Have you been thinking about installing a solar water heater and not sure what systems are available and what’s best for your home?
There are a number of factors to be considered before deciding on a solar hot water system. A plumber will recommend the best system for your home because solar hot water heaters should only be installed by a qualified plumber.
Their recommendation will be based on:
It is important that you understand how a solar hot water system works – as much as ensuring the plumber understands your household’s needs – so the right size is installed for your home. If the storage tank is too small there is a risk you will run out of hot water occasionally or that the booster will need to be used more often. If your storage tank is larger than what your household needs, energy will be wasted in storing excess hot water.
Hot water usage is approximately 80 litres per person per day in Australia, on average.* The types of appliances and features in your home, as well as how you use them, will affect your household’s hot water consumption. Factors that can increase your hot water usage include:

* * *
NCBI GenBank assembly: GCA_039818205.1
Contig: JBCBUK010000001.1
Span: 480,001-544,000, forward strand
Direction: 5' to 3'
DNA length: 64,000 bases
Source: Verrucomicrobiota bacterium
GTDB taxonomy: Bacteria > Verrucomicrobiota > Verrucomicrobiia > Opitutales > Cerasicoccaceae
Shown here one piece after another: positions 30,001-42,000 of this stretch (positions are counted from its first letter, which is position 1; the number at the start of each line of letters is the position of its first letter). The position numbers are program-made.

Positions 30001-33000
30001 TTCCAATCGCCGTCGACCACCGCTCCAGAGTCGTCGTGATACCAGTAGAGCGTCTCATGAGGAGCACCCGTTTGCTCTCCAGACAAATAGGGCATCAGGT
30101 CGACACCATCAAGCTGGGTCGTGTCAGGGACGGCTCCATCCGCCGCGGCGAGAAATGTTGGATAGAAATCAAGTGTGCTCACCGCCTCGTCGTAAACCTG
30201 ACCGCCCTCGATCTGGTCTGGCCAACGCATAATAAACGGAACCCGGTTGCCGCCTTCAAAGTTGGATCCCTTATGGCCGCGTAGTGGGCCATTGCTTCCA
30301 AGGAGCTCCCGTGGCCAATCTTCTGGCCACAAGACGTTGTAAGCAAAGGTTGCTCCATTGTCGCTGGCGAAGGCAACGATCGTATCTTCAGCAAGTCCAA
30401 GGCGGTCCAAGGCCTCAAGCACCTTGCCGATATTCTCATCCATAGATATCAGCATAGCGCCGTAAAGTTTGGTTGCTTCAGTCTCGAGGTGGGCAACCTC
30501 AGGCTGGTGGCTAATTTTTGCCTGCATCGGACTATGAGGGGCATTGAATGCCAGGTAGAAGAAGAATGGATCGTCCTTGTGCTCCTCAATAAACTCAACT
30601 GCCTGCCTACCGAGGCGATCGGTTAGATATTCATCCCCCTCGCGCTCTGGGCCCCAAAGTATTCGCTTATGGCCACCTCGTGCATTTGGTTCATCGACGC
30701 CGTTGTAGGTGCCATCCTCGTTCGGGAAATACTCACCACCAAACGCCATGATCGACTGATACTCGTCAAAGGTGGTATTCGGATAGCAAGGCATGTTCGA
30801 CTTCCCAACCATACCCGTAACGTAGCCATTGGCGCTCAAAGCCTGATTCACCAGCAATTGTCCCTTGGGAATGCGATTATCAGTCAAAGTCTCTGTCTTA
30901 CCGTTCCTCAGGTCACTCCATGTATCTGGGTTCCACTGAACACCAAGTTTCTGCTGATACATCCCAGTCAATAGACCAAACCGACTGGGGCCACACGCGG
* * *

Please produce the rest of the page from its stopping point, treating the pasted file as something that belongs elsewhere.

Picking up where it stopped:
As a guide only, until you speak with a plumber, for an Apricus solar hot water system a broad indication of system sizes are:
*Solar Water Heater Guide, Department of Resources, Energy and Tourism, 2013
A solar hot water heating system uses roof mounted solar collectors to absorb energy from the sun to heat water, which flows into the home.
There are various system options available, with a choice of:
A complete solar hot water system usually includes:
The solar collector absorbs heat from the sun and uses it to heat the water that goes back into the hot water heater. There are two main types of collectors.
1. Evacuated Tubes
2. Flat plates
Flat plate collectors work on copper pipes running through a glass covered collector, often connected to a water storage tank on the roof. The sun heats the copper pipes and the resulting hot water is thermo-siphoned out of storage tank
Which solar collector is the most efficient?
When higher temperatures or higher performance is required in cooler weather, evacuated tubes have a big advantage over flat plate collectors.
Evacuated tubes are the most efficient. They are also more durable and cheaper to repair should accidental damage occur.
To read more about the difference in performance for each collector type, download our Fact Sheet Evacuated Tubes v Flat Plate solar collectors fact sheet.
Keeps up with me and the family: I installed our Apricus 40 tube 400L system in the middle of winter last year… the shortest day of the year here on the mid north coast NSW – we had a really nice clear day so I flicked off the booster to “test it out” and we had plenty of hot water for the four of us. We do use the booster after periods of extended rain / cloudy weather – but our hot water bills remain minimal.
Reviewed 22/3/16 on productreview.com.au